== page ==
It is believed that there are between 32 and 50 species of seahorses (genus Hippocampus) in the world. The Pygmy Seahorse was discovered in 1969 by Georges Bargibant when he found a pair of them attached to a gorgonian sea fan. Bargibant collected the animals and brought them to the Nouméa Aquarium in New Caledonia (Lourie and Randall 2003).
     As can be seen in the first phylogenetic tree on the Classification page, Hippocampus bargibanti is an early- diverging lineage in the Hippocampus genus. From the later phylogenetic tree, it can be seen that the Syngnathidae group not only includes seahorses, but pipefish as well. After that, the most recent common ancestor is the Ghost pipefish. Pipefish are very similar to seahorses , but are more of a worm shape.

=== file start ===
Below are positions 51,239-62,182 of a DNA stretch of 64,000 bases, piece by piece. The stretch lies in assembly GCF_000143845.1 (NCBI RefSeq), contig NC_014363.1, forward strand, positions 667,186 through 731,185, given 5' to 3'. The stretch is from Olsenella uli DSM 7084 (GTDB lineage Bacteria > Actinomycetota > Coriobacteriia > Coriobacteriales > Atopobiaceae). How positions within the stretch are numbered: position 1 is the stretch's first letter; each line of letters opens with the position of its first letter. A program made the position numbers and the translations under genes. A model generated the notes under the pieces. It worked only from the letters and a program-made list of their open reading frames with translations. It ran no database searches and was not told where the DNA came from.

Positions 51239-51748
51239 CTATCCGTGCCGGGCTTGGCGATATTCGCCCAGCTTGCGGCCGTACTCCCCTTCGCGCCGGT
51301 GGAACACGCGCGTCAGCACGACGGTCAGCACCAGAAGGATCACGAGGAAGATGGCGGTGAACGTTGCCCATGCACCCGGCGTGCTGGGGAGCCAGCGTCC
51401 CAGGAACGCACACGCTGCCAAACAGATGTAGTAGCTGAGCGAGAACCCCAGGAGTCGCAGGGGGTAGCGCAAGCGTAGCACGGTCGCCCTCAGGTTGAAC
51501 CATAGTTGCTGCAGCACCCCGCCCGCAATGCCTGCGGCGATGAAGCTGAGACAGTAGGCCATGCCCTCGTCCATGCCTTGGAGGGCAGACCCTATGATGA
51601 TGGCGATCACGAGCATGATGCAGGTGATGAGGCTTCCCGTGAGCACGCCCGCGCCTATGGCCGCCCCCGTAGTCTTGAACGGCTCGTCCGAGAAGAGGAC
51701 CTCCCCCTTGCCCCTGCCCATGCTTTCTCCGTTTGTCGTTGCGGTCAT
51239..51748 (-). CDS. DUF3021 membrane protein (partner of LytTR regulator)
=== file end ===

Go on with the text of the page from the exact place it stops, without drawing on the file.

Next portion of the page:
Breeding for the Pygmy seahorse happens year round and like all organisms in the Hippocampus genus, the male carries the fertilized eggs in its brood. The process begins by the female inserting what would look like male genetalia in most other organisms into the male’s brood and placing the eggs. The male then fertilizes the eggs and cultivates them in its brood. The gestation period for Hippocampus bargibanti is about two weeks and its brood size is usually about 34 young from one male (Lourie and Foster 2004).
     Bargibant’s seahorses are often found in pairs or groups, as their breeding lasts year round. They have been found with up to 28 on a single gorgonian fan (Lourie and Foster 2004).

To learn how this pigmy seahore interacts with other species, click here.

To go back to the home page, click here.